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Young Adult fiction is distinguished from Adult fiction typically by the age of the protagonist(s) and the subject matter or experiences involved. You can, of course, have adult novels starring children (nobody would consider A Game of Thrones to be YA, even though most of the protagonists are children or teenagers), and there is some overlap (I've seen Ender's Game sitting on both shelves of the same store), but the two are generally pretty distinct.

I would prefer my novel not be classified as YA, for various reasons. My protagonist is a teenager, and while I intend to involve some adult themes I don't want them to feel forced or out of place. But ultimately, who makes that call?

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Young adult vs adult fiction isn't about the age of the characters (though that usually does vary too), it's about the age of your readers.

If you're writing for adults, then write for adults and pitch your work that way to publishers, agents, and potential customers.

If you use a traditional publisher, they might want to classify your book as young adult, or not. And you can work that out directly with them.

Young adult fiction can have adult elements. Sex, violence, relationships, drugs, death, etc are all fair game. Ultimately though, it's about who you envision reading the book. This will change how you use those elements. A young adult novel is unlikely to have all of the elements or put them as in-your-face as, say, A Song of Ice and Fire does.

The difference is also about point of view. Through whose eyes are you seeing the events? Looking again at Game of Thrones (the first book in the series A Song of Ice and Fire), the child viewpoint chapters are very different from the adult viewpoint chapters. We the readers know it's a disturbing and dangerous world mostly because of the adult chapters. The kids are not exactly shielded from things (look at Bran's early chapters) but they don't see the big picture and they don't really understand what they do see.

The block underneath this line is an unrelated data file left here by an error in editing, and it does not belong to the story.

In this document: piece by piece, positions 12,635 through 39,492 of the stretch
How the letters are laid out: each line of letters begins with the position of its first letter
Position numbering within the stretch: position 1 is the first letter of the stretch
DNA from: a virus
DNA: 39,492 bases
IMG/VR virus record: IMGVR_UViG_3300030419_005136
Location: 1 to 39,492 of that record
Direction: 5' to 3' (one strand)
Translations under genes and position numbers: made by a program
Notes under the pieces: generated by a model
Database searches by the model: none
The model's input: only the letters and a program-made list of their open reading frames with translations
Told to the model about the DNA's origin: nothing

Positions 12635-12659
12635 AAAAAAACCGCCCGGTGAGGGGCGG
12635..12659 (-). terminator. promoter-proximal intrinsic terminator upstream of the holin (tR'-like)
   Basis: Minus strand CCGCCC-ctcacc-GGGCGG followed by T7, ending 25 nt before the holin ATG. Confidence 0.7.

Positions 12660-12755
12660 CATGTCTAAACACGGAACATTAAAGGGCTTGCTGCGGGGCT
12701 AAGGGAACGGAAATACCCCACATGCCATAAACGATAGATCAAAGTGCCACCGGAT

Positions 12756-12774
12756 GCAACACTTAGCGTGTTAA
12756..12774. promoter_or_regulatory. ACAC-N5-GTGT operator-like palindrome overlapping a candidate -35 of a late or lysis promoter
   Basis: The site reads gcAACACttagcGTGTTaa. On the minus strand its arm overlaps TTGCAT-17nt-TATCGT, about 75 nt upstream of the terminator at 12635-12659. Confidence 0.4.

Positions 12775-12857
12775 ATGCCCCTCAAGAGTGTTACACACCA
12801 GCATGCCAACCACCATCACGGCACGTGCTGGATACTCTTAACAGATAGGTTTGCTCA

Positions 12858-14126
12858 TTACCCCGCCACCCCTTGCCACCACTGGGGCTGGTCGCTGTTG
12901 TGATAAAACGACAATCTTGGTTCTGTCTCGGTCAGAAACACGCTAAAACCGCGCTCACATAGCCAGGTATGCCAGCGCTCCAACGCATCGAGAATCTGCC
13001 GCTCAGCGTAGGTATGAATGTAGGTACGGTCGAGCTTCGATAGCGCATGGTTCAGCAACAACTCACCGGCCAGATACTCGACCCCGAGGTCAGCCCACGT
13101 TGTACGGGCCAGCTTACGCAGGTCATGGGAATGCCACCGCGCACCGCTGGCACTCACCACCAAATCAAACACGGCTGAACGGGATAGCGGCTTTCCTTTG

You and your publisher will make this classification decision based on all these factors and others (like how the marketing winds are blowing). If a bookstore chooses a different classification, that's on them. You have no say. But the official classification generally holds (in libraries, in most stores, in online searches, etc).

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Your publisher will decide where to file your book, and it's largely a marketing decision. In the USA, books are often shunted into YA if they can possibly fit there because it's a healthy market. Also schools will often pick up or promote YA books --even ones that are a bit edgy --because they're trying to get kids to read. (Also for this reason, it may be easier for you, the author, to sell your book to a publisher or agent as a YA project than as adult fiction.)

If you self-publish you'll probably make the decision yourself but you'll have the same market forces to wrestle with. However, schools usually won't pick up self-published books, so the calculations may be a bit different.

In general, books with YA main characters are almost always filed as YA unless they are clearly and flagrantly inappropriate for teenagers (and sometimes even if they are). This is often not a huge problem. Most young adults love reading books with adult themes, and there are plenty of adults who still read YA fiction (count me as one of them). Personally, I tend to find a lot of YA fiction to be better written, more interesting, and more deeply felt than most adult fiction. If you're at all on the fence about it, I would query it both as adult fiction and as YA, and see which one gets a better response.

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